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by Dan Wahlin
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Table of contents
Function Spaghetti Code
Function Spaghetti Code Demo
Closures to the Rescue
Closures Demo 2
To wrap up this module, I'm going to briefly talk about different ways of defining variables. Now most of us are used to defining variables this way. You put a var. You put the variable name and then possibly assign it a value, followed up with a semicolon. And then if you have another variable, you do the same thing over, and kind of repeat and rinse every time. Well, there is another option for defining variables where you don't have to put the var keyword every time. And you'll see this in some of the samples coming up, which is why I wanted to cover it here. An alternative way to define variables is this way. We could define the var keyword once, define the variable, assign it, and then put a comma, and then anything that follows is just a new variable. It's like we put the var keyword right at the front. And this is definitely something you'll see in different patterns. People do it differently for sure. Some people prefer this top way. I prefer this bottom way now. And it just simply saves you a little bit of typing, makes the file a little bit cleaner once you get used to this pattern I think of defining variables. Let me show you how we can convert the closure example shown earlier to use this kind of comma technique with variables.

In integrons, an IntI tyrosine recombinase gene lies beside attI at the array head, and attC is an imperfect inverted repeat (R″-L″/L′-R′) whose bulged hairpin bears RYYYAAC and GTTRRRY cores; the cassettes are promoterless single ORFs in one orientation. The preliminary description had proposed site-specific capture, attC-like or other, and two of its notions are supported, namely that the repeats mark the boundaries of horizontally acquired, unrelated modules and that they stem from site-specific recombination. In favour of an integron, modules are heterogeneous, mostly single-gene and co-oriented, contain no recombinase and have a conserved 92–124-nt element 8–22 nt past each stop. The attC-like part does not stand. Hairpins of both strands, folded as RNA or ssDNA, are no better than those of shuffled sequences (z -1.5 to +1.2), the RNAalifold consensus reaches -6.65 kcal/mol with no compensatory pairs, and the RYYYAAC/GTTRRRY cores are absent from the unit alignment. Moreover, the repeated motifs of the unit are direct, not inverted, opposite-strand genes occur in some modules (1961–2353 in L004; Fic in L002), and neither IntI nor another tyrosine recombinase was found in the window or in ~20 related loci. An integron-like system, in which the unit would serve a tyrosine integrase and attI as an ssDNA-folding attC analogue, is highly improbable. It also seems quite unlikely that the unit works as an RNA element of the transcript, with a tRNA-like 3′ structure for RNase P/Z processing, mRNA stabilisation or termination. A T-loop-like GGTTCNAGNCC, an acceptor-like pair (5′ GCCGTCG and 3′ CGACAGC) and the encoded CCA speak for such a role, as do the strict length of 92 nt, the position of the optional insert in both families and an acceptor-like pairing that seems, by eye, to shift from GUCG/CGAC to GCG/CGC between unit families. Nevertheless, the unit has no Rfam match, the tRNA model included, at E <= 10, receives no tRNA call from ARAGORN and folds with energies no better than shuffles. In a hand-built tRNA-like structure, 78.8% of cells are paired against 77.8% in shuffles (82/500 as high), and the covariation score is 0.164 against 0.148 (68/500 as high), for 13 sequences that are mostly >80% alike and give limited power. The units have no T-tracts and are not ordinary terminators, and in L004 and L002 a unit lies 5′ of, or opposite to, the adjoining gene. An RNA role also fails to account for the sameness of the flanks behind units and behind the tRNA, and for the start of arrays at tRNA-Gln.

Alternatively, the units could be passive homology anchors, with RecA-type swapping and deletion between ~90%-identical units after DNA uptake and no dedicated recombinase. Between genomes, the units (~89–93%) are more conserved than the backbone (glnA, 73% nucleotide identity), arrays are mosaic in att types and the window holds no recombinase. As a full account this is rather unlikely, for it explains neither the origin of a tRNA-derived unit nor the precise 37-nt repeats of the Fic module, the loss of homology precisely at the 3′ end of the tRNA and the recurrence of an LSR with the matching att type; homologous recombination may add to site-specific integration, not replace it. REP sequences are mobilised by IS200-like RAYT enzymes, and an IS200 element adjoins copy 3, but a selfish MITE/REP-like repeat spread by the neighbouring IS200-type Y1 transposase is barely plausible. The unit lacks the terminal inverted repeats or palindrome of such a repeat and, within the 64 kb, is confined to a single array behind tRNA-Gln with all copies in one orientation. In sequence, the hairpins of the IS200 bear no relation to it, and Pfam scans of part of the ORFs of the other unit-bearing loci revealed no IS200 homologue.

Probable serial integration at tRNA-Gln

Defining Variables Demo
Prototype Pattern Pros and Cons
Prototype Pattern Structure
Using the Prototype Pattern
Prototype Pattern Extension Demo